But I digress.

A break from the heat finally came last night in the form of a breeze during Shakespeare In The Park's production of Hamlet. During one of Hamlet's monologues, the breeze started to pick up slightly and leaves from the park started to swirl around the actor. Everyone in the audience thought this was pretty sweet and even the actor looked weirded out by his apparent control of the weather. He raised his voice and the intensity of his words grew. With that, the wind grew. More leaves and wind whipped around the stage while lightning started to flash from behind the theatre. The entire audience turned to see if it was a lighting effect. The wind picked up faster. Hamlet's character, screaming now in a storm on stage, raised his sword (idiot, there's lightning) and everyone in the audience cheered while turning to look at everyone else to figure out what the hell was going on.

I'm not going to lie, it was creepy. I heard people in front of me and behind me say that they were getting scared and maybe they were thinking about King Hamlet's ghost but I was more concerned with the fact that the entire set was made of metal and the lightning was still flashing. I looked to Bob and my sisters, who were at the show with me, and we were all like, "Let's get the hell out of here."

So we jumped up out of our seats and followed the other people who were running out of the theatre to avoid the thunderstorm. By this point, the wind was crazy. I can't stress this enough. Ushers were yelling at people to leave the park while Sabrina calmly approached one of them and asked, "Now who do I speak to about possible tickets for a make-up performance?" The usher looked at her and screamed, "Get out of here! It's dangerous!"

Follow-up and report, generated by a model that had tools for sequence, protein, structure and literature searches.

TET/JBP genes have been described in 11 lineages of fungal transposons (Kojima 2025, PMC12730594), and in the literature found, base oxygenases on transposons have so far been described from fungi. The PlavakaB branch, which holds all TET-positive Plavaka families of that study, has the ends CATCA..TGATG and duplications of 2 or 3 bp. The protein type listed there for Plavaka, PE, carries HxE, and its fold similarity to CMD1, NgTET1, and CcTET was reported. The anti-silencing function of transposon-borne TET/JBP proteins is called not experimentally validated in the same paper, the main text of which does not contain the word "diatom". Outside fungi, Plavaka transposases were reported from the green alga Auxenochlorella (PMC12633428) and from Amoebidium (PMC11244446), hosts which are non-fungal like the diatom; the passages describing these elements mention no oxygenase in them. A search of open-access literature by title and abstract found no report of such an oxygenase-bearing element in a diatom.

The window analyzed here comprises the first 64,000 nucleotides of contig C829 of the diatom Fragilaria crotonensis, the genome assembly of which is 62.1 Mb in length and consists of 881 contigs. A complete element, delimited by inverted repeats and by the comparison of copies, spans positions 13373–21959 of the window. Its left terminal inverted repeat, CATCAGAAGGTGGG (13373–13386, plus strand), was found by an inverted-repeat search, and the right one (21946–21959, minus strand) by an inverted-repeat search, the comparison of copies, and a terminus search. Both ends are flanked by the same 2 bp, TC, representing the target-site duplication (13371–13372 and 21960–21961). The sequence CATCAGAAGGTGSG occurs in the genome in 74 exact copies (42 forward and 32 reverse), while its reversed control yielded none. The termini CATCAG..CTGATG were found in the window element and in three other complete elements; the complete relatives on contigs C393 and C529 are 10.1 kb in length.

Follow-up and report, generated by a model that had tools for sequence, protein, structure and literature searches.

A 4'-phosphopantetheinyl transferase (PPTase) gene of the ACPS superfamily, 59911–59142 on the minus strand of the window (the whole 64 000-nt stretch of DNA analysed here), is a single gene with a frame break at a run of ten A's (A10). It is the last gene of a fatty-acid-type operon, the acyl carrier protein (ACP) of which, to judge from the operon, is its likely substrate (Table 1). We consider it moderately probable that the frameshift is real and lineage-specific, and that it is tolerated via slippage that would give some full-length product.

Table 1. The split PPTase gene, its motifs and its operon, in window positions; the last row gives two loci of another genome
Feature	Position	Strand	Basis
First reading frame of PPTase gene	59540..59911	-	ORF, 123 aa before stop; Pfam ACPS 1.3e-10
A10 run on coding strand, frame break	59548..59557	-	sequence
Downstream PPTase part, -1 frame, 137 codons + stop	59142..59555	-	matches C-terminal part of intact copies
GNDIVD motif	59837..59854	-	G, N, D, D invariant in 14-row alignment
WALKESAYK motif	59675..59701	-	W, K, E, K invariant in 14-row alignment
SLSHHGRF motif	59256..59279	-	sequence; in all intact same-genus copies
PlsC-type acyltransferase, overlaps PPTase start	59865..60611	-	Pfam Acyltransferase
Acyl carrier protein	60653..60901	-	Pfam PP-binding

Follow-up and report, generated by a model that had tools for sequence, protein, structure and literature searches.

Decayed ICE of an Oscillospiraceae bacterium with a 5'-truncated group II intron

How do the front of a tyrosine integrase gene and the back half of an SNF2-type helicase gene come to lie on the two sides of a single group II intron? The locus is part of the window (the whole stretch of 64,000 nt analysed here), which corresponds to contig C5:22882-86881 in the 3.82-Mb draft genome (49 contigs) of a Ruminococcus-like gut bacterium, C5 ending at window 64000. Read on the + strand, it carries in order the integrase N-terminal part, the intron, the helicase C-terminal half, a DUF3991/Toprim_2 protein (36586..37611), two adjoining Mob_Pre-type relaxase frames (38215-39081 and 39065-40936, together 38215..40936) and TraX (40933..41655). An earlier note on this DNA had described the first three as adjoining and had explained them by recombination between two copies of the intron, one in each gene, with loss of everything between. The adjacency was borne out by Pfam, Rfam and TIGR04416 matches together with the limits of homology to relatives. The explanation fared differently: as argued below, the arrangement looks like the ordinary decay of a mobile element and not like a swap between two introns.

That's all I needed to hear. I'm terrible in emergency situations and as soon as even part of my worst case scenario thoughts are confirmed, I run. People exiting the theatre ran, but no one was running to leave the park so I started shouting "Anon! Run! Posthaste!" because those seemed like the things to shout in an emergency situation at a Shakespeare performance. People still didn't run. It wasn't until I started jumping over huge branches that had snapped off trees that everyone around me started picking up their pace. Maybe it also had to do with the fact that I yelled, "The trees are falling! The trees!"

Lightning flashed again and again and I thought of the metal buckle on my bag as a lightning rod so I held it out away from me as Bob and I ran faster through the park. Wearing his sunglasses to fight the flying debris he shouted, "This is fun! Let's go get a drink!"

I began to run in zig-zags because I thought I remembered reading that you should do that if heavy branches were falling off trees in parks. Or was that if you were being chased by a car? Or being shot at? I couldn't remember. I just kept running because the visual of me being crushed by a branch kept popping into my head. We ended up running into an open lawn with fewer trees and jumped a gate to get out of the park. Waiting at the corner to run across the street to the subway, I noticed that Brina and Ness weren't with us. When they finally emerged from the park they immediately started yelling. Apparently Ness had been following me but got caught in a bush trying to jump the gate and I didn't hear her shouts for help because I was already gone. Sabrina had tried to keep pace but I broke out into unnatural speeds after seeing the falling branches and she didn't see where I went. Who knew I could run like that?? Maybe I should pull a rickshaw.

Anyway, I think people's true colors shine through in situations like this.
I was convinced I was going to die by branch, Sabrina was looking for comp tickets or the name of the person in charge of the theatre so she could list her grievances about how the staff was trained, Ness was just going along with what everyone else was doing, and Bob was looking for a cocktail.

At least it cooled down outside.